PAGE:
Moxa provides a full spectrum of quality products for industrial networking, computing, and automation. Industrial Ethernet solutions include edge-to-core coverage with proven reliability, non-stop redundancy, WAN/VLAN security, plant-wide integration and visualized management.
New Product: AWK-1137C Series - An Industrial Wireless Client
The AWK-1137C is an ideal client solution for industrial wireless mobile applications. It enables WLAN connections for both Ethernet and serial devices, and is compliant with industrial standards and approvals covering operating temperature, power input voltage, surge, ESD, and vibration. The AWK-1137C can operate on either the 2.4 or 5 GHz bands, and is backwards-compatible with existing 802.11a/b/g deployments to future-proof your wireless investments. Learn More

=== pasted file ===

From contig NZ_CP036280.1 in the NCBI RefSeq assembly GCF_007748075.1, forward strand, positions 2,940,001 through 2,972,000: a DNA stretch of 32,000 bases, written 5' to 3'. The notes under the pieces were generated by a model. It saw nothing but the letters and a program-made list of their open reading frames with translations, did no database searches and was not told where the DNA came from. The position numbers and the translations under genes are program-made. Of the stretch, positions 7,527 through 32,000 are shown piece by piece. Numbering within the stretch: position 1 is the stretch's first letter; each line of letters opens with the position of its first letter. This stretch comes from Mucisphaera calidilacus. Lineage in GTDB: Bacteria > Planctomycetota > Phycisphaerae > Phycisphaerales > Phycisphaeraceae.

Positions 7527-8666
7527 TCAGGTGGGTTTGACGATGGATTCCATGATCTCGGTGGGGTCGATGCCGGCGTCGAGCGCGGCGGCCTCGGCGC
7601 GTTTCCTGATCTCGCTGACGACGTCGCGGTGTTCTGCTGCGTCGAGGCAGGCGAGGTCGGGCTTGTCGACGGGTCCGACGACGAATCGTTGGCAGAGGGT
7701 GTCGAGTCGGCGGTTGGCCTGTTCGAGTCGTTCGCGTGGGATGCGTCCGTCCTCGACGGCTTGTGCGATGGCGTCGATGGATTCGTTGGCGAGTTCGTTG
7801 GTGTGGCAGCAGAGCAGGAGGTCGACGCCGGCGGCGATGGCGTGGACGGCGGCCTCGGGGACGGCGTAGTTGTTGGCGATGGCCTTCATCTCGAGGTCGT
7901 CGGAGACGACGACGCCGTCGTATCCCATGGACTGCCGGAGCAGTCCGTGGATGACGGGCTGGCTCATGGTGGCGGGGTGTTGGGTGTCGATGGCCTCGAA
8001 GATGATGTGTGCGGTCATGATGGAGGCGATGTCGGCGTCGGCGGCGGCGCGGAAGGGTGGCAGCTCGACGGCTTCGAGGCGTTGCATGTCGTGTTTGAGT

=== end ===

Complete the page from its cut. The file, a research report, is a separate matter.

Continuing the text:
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SDS-3008 - Smart, Slim, and Simple to Set-Up
EDS-405A - The Managed Switch That Saves You Money
With this level of included software, reliability, and support, the EDS-405A significantly reduces the time and money you spend on ongoing costs compared to similar switches.
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Connect Modbus to Wireless with this 2-in-1 Gateway
This Moxa MGate series also supports even more integration options to handle diverse range of application requirements:
- Wireless bridge function lets you connect field Ethernet devices to a wireless network, cutting costs associated with deploying extra wireless client devices.
- Built-in remote I/O function can be used for intrusion detection, or status monitoring in the field without the cost of deploying an extra remote I/O.
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Industrial Media Converters for Harsh Environments
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Easily Collect Sensor and Device Data for Industrial IoT Platforms